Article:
by The Editor
SERIES: Few things are better able to excite the human mind than originality. It is the result of curiosity, the force behind creativity and impulse that drives discovery. Truly it is a glorious thing, the very touchstone for innovation and, with it, progress and betterment. But why is it so important? What is its nature and effect? What is it about originality that makes it such a powerful – and rare – attribute and why is it we should place such great value upon it?
By: Gareth van Onselen
16 April 2013
Few gifts are greater than originality. To conceive of something new is to add to human knowledge and what could be more wonderous? Whatever the quality of that contribution, there is something marvelous about the discovery: that, out of nothing, now there is something; hence the euphemism, ‘creativity’.
That characteristic alone necessitates further curiosity; for a new idea must be assessed, its strengths and weaknesses interrogated and, should it suggest some further consequence, an enquiring mind will seek to explore that possibility too.
This – the possibility inherent to discovery – is responsible for the excitement originality generates. That is both enlivening and captivating for anyone interested in ideas. So originality is a catalyst, self-replicating and thus the spark capable of igniting a powerful intellectual current. It is the result of curiosity, the force behind creativity and impulse that drives discovery.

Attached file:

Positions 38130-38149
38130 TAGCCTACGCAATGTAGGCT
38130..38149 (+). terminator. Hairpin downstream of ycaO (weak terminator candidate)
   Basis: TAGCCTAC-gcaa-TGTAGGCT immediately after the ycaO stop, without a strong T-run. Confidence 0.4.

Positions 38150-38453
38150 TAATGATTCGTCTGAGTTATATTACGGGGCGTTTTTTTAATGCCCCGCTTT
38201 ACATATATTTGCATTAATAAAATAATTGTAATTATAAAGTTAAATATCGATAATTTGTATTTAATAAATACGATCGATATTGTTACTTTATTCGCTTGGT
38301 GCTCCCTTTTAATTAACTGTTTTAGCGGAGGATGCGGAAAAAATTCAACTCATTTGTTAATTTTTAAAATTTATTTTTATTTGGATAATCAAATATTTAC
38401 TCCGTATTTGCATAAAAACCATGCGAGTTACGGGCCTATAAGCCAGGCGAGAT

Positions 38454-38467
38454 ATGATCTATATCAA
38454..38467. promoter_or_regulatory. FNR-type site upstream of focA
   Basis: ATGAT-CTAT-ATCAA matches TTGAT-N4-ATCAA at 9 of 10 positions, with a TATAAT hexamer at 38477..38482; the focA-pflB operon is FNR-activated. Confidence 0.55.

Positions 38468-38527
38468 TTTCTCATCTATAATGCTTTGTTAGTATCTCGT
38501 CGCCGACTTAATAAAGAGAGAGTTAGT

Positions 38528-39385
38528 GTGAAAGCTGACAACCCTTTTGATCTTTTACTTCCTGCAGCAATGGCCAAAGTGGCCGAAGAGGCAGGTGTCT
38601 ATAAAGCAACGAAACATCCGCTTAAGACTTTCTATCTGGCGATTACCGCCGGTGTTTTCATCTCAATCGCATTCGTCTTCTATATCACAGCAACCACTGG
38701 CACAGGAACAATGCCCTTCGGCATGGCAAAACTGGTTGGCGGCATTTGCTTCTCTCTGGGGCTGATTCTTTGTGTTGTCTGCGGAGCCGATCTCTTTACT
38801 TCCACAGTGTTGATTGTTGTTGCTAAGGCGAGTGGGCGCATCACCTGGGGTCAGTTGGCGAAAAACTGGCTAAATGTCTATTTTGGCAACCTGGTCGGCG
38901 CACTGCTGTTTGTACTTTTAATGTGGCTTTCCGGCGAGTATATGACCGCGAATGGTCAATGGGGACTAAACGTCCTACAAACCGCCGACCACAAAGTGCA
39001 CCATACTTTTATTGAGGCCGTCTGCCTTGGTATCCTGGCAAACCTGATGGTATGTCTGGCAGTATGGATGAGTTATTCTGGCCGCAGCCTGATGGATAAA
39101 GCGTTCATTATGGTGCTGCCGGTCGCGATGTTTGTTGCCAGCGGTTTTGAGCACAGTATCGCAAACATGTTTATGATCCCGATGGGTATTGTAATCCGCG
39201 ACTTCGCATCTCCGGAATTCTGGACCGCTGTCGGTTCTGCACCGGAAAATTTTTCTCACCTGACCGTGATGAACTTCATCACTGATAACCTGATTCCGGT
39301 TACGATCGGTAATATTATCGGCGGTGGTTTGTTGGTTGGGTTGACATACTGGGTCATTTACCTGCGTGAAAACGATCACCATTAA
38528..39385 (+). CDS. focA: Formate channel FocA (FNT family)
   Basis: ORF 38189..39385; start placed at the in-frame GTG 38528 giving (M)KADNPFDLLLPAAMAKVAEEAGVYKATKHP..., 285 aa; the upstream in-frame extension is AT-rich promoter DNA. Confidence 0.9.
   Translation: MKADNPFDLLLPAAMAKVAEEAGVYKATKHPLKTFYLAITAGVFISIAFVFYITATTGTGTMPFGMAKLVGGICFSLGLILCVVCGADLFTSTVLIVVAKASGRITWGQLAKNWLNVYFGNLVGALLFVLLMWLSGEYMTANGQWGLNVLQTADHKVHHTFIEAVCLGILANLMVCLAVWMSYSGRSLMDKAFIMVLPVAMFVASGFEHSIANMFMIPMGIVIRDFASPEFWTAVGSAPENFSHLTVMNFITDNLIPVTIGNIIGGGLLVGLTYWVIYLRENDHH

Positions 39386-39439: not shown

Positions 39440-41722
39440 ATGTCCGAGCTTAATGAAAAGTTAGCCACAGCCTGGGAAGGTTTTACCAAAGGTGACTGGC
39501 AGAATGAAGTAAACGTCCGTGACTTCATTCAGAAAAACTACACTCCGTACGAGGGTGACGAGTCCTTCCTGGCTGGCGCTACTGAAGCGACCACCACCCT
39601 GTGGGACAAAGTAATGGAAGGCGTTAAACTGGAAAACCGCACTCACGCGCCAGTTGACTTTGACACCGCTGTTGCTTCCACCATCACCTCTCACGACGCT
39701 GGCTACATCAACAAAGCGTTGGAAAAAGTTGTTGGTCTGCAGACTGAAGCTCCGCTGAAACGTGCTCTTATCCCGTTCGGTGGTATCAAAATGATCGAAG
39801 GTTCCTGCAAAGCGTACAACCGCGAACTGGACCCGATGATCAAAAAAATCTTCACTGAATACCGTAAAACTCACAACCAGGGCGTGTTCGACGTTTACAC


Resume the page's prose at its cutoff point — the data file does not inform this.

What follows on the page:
Originality has a penetrating affect on conventional wisdom, breaking it up as a jackhammer might crack open a pavement and reconstituting it in some new fashion. Other times, it can reveal an entirely different universe, wholly unrelated to accepted thought. This is perhaps originality at its most powerful, rare and exceptional; in turn, at its most majestic. It is one thing to offer a new insight into an existing paradigm, quite another to provide the world with an original frame of reference. The greatest thinkers have done this and for that reason their works stands out like beacon in the dark.
There exists a platitude: genius is 1% inspiration, 99% perspiration. It misrepresents originality. Remove originality from that equation and all you are left with is hard work, and that is easily replicated. Remove hard work, however, and you are left with originality – even if only a drop in the ocean, the unique difference, capable of transforming dedication into invention, and so a different unit of measurement should apply.
Originality is a rare talent indeed, and a more precious commodity you will struggle to find.
An abbreviated version of this column first appeared in the Business Day. For more columns from The Thing About series, click here.
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